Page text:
Date: Mar 16, 2013 3:56 PM
Author: Ralf Bader
Subject: Re: Matheology § 224

WM wrote:

> On 16 Mrz., 19:26, William Hughes <wpihug...@gmail.com> wrote:
>> On Mar 16, 7:10 pm, WM <mueck...@rz.fh-augsburg.de> wrote:
>>

>> > On 16 Mrz., 18:10, William Hughes <wpihug...@gmail.com> wrote:
>>
>> > > > Ok, I understand. Anyhow, if the number of lines is not empty, then
>> > > > there must remain at least one line as a necessary line.

>>
>> > > Not a particular line.  This is similar to
>> > > the case where any set of lines with an unfindable
>> > > last line has at least one "necessary" findable line.
>> > > This line has a line number in the original
>> > > list but we can choose the  "necessary"
>> > > findable line to have any line number we want.

>>
>> > No, it is always the last line. We call it unfindable or unfixable
>> > because as soon as we have found it, it is no longer the last line.

>>
>> Note, that I am not talking about the unfindable line,
>> but the "necessary" findable line.  We can choose this
>> line to have any line number we want

>
> In potential infinity there is no necessary line except the last one.
> We know that with certainty from induction. Every found and fixed line
> n cannot be necessary, because the next line contains it.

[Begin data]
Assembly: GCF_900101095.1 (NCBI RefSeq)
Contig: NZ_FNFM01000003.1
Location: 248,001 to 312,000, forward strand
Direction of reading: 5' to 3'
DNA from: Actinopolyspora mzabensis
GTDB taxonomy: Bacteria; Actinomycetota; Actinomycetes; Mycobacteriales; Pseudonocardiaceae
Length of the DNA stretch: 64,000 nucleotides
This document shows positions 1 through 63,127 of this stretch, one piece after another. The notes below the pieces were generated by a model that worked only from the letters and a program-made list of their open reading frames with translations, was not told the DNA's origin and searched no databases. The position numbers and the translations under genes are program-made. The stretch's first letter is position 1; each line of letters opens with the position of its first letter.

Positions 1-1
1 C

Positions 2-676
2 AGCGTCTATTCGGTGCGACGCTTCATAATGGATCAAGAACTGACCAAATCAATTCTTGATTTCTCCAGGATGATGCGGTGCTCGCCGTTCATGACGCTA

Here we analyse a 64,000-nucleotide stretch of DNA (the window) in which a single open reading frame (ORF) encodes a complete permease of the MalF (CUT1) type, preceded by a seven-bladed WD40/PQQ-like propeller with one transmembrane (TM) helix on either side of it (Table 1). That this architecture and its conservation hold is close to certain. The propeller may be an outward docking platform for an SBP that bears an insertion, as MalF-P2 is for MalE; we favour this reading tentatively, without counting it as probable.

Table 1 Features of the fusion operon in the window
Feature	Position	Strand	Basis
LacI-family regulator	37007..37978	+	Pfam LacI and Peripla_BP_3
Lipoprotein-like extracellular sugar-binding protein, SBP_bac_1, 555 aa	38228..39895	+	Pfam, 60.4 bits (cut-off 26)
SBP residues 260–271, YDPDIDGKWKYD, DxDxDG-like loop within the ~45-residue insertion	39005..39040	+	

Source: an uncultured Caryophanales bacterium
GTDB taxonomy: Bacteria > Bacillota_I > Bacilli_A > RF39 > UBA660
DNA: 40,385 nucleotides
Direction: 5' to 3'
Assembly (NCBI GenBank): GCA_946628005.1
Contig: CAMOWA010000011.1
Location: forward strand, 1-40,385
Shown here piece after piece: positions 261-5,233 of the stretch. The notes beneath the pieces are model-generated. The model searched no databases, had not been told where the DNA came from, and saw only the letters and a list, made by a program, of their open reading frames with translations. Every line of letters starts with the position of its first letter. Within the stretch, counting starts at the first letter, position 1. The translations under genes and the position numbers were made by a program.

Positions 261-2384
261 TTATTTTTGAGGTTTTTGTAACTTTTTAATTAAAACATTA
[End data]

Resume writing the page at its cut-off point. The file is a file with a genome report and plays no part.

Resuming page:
>
> Everything that is in the list
> 1
> 1, 2
> 1, 2, 3
> ...
> 1, 2, 3, ..., n
> is in the last line. Alas as soon as you try to fix it, it is no
> longer the last line.
>
> Think of the time. What is "now"? As soon as you try to fix it, it is
> past. In time you can predict the development of clocks. In lists
> there is no such smooth, predictable evolution. Will the next line
> added to above list be n+1, or n^2 or n^n^n^n (all those of course
> also including n+1 and its followers? There are no limits. But as soon
> as we look onto the last line, we get the idea of another one and that
> will add one or many lines to the list.
>
> Regards, WM


Will this braindead nonsense appear in the next "research report" of that
crazy so-called "university" where you work as a stupefactor of the
pitiable students?